StatoilHydro Proves Gas at Idun North Find in Norwegian Sea

Gas has been proven by StatoilHydro in exploration well 6507/3-7 Idun North in the Norwegian Sea. Currently being completed, the well is located two kilometers northwest of the Idun find and 12 kilometers north of the Skarv find.

The objective of the well was to prove petroleum in the Fangst and Bat group in Middle and Lower Jurassic reservoir rocks. The well proved gas in the Fangst group. The underlying Bat group was water-filled.The size of the discovery is estimated at between 0.6 and 3 billion standard cubic meters (Sm3) of recoverable gas. There is a potential for additional volumes beyond the proven gas volumes and further delineation of the discovery will be considered. The well was not formation-tested, but extensive data acquisition and sampling were conducted.

"Based on preliminary calculations, the size of the find is estimated at between 0.6 and 3 billion standard cubic meters (Sm3) of recoverable gas," said Knut Harald Nygard, who is heading StatoilHydro's exploration activities near existing fields in shallow waters in the northern part of the Norwegian Sea.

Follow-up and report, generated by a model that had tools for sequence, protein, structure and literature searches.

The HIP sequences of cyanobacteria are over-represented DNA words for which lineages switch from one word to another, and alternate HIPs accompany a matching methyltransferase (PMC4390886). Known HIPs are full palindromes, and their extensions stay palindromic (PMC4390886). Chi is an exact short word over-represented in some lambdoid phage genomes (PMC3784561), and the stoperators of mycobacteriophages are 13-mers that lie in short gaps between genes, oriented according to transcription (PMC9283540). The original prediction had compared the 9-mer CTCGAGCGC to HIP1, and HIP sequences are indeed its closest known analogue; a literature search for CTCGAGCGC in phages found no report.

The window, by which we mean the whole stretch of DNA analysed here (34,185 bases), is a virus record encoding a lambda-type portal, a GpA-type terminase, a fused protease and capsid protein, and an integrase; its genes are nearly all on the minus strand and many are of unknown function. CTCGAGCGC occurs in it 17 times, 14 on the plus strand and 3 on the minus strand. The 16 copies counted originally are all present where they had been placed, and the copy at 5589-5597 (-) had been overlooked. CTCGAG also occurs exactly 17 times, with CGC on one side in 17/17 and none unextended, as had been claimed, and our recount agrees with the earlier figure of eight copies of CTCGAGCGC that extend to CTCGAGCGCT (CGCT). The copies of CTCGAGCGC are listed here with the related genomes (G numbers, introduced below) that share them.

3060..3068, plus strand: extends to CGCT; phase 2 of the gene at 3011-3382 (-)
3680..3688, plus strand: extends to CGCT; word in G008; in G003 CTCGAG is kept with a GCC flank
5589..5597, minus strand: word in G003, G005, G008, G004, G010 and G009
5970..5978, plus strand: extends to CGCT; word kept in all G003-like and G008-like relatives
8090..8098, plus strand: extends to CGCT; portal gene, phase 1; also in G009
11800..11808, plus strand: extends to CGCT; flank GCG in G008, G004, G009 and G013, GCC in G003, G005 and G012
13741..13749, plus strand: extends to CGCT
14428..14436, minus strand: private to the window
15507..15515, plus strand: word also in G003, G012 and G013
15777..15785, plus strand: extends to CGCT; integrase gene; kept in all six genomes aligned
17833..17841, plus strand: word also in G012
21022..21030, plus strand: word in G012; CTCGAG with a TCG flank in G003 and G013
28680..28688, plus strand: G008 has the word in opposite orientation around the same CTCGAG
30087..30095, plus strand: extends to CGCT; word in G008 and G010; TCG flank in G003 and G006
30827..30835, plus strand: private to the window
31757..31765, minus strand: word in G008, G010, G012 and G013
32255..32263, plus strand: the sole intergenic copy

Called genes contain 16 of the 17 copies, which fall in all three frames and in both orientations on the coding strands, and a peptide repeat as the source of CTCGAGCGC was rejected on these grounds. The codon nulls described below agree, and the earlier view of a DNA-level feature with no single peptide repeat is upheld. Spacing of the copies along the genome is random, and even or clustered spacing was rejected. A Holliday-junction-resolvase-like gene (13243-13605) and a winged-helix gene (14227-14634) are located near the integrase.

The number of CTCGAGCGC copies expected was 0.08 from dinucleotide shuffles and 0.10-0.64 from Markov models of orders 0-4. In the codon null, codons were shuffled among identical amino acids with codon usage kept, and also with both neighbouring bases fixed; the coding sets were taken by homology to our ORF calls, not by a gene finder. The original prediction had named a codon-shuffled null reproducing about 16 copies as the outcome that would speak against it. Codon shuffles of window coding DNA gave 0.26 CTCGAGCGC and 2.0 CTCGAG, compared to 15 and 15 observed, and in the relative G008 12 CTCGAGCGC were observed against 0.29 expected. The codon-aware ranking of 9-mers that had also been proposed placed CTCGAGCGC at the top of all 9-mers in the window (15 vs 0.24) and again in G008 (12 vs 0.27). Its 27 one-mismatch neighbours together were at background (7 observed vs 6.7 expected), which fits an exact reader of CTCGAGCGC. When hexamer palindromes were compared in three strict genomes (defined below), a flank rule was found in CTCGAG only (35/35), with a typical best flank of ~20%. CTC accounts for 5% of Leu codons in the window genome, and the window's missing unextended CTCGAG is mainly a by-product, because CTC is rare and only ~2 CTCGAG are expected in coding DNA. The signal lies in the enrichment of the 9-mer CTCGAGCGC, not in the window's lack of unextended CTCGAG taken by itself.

"There is also a potential of additional volumes, and further appraisal of the find will be considered."

The well was not formation tested, but extensive data gathering has been carried out.

"StatoilHydro and its partners in the production license will consider tying the gas find back to the production vessel for Skarv and Idun when it is in place," said Nygard.

This is the first exploration well in the carved out production license 159D. The licensees are the operator StatoilHydro with a 60% interest and E.ON Ruhrgas with 40%. In the original production license 159 six exploration wells have already been drilled.

Well 6507/3-7 was drilled at a water depth of 377 meters by the Ocean Vanguard semisub. Drilled to a vertical depth of 3,833 meters below sea level, the well was concluded in the Are formation of the lower Jurassic age. The well is being permanently plugged and abandoned.